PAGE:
A new law is set to take effect on July 1 that will require New Mexico employers to provide paid sick leave to employees. The New Mexico Healthy Workplaces Act of 2021 will ring in major changes to New Mexico employers’ sick leave policies, applying to all employers with any number of full- or part-time employees in the state. What do employers need to know about this significant development?
How Much Leave is Required?
The highly employee-favorable Act requires that New Mexico employers provide all employees with paid sick leave, either as an annual lump sum of at least 64 hours or via accrual at a rate of at least one hour of paid sick leave for every 30 hours worked. Overtime-exempt employees are presumed to work 40 hours per week for purposes of the Act.
What Can Leave Be Taken For?
Employees may use paid sick leave for a broadly defined list of purposes, for themselves or a member of their family. Permissible uses of sick leave include:
- Care for the employee’s or their family member’s mental or physical illness, injury, or health condition;
- Preventative medical care for the employee or their family member;
- Meetings at the employee’s child’s school or place of care related to the child’s health or disability; and
- Absences necessary due to domestic abuse, sexual assault, or stalking suffered by the employee or their family member to obtain medical or psychological treatment, relocate, or participate in legal proceedings.
What Else Does the Act Require?
The Act’s other employee-favorable provisions include:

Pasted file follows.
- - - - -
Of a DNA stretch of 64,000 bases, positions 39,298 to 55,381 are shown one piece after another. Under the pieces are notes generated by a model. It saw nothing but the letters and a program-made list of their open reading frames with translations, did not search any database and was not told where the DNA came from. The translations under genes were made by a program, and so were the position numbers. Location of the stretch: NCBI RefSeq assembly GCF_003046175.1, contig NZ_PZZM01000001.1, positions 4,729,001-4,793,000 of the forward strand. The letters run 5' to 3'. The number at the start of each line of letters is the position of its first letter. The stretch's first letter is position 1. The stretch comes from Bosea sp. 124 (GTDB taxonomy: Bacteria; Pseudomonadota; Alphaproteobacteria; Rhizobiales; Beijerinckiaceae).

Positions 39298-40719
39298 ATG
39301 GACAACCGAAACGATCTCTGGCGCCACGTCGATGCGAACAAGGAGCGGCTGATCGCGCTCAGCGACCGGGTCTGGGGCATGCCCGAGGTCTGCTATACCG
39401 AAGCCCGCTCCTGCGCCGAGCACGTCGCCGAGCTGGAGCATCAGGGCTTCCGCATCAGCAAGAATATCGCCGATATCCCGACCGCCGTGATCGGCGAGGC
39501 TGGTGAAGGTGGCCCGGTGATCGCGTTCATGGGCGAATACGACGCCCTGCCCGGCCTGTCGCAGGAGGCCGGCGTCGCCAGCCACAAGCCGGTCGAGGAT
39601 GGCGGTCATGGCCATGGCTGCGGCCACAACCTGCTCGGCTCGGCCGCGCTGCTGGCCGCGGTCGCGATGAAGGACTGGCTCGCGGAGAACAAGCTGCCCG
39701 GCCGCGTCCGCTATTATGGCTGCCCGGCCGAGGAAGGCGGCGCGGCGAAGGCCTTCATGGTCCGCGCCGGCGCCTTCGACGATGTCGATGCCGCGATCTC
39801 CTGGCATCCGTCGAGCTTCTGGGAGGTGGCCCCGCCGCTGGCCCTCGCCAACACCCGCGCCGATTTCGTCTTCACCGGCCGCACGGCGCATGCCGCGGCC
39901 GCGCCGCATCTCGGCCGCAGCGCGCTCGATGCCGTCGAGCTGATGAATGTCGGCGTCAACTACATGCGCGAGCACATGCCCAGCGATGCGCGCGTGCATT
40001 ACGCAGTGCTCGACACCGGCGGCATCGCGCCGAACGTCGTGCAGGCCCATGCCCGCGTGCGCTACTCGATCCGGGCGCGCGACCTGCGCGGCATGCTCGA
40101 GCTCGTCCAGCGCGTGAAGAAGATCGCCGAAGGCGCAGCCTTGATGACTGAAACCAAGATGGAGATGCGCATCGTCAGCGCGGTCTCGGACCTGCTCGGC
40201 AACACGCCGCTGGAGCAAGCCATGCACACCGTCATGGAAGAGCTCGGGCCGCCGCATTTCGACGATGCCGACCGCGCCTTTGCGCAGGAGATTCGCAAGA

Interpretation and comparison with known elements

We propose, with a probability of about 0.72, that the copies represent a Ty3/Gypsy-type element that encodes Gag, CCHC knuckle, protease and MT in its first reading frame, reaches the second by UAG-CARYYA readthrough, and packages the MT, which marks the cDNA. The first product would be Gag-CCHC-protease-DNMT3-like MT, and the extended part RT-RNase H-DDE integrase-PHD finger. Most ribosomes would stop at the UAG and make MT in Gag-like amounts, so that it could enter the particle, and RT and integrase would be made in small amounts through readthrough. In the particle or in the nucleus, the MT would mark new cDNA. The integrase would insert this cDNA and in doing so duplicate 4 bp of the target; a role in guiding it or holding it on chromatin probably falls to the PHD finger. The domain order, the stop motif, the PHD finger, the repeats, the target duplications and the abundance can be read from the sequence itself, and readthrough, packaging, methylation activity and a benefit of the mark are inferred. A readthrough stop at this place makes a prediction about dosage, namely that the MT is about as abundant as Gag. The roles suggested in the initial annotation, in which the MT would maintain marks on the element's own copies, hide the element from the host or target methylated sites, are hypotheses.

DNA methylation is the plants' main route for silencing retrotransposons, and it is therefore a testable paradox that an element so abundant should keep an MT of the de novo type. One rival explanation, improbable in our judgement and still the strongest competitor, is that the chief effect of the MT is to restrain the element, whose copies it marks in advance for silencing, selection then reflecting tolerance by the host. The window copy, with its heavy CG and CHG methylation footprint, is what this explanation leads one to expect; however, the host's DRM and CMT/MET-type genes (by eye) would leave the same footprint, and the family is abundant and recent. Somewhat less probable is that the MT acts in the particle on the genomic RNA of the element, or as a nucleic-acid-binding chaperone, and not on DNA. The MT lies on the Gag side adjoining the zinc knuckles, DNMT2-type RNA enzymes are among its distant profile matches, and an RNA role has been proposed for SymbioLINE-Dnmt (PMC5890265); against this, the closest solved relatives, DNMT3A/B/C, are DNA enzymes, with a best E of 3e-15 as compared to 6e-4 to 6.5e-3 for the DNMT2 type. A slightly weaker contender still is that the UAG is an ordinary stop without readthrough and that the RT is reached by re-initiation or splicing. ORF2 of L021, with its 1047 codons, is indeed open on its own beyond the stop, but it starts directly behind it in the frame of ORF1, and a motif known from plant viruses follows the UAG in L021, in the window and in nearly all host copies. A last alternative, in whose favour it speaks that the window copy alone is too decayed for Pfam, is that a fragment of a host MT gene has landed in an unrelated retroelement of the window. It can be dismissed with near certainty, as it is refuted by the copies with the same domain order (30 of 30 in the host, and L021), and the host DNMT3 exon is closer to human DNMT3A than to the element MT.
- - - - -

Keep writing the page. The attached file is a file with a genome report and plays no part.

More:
- Lenient documentation requirements, and no documentation requirement for an absence of one day or less;
- The ability to use paid sick leave in increments of, at largest, one hour, or smaller if the employer’s payroll system can account for a smaller period of time;
- Employees need not use other paid leave before paid sick leave;
- Employees need only provide advance notice of taking leave, or the leave’s expected duration, if reasonable;
- Employees cannot be required to search for or find a replacement worker to cover the hours during which they use sick leave; and
- Anti-retaliation protections.
Accrued, unused paid sick leave is not forfeited annually, but rather carries over into the next year. However, employers may limit employees to redeeming, at a minimum, 64 hours of paid sick leave annually. Employers need not compensate employees separating from the company for unused sick leave.
Employees who remain with a company but are transferred out of New Mexico stop accruing sick leave but retain any leave they already accrued. This presents an interesting scenario wherein an employee could accrue significant amounts of sick leave over a period of years, transfer to a state with less-favorable sick leave laws or laws that do not limit how much may be taken annually, and access a windfall of sick leave hours.
Due to the novelty of the Act, little guidance exists aside from a guide published by the New Mexico Department of Workforce Solutions.
If you have any employees in New Mexico, they will begin accruing paid sick leave, protected by the employee-favorable Healthy Workplaces Act, on July 1.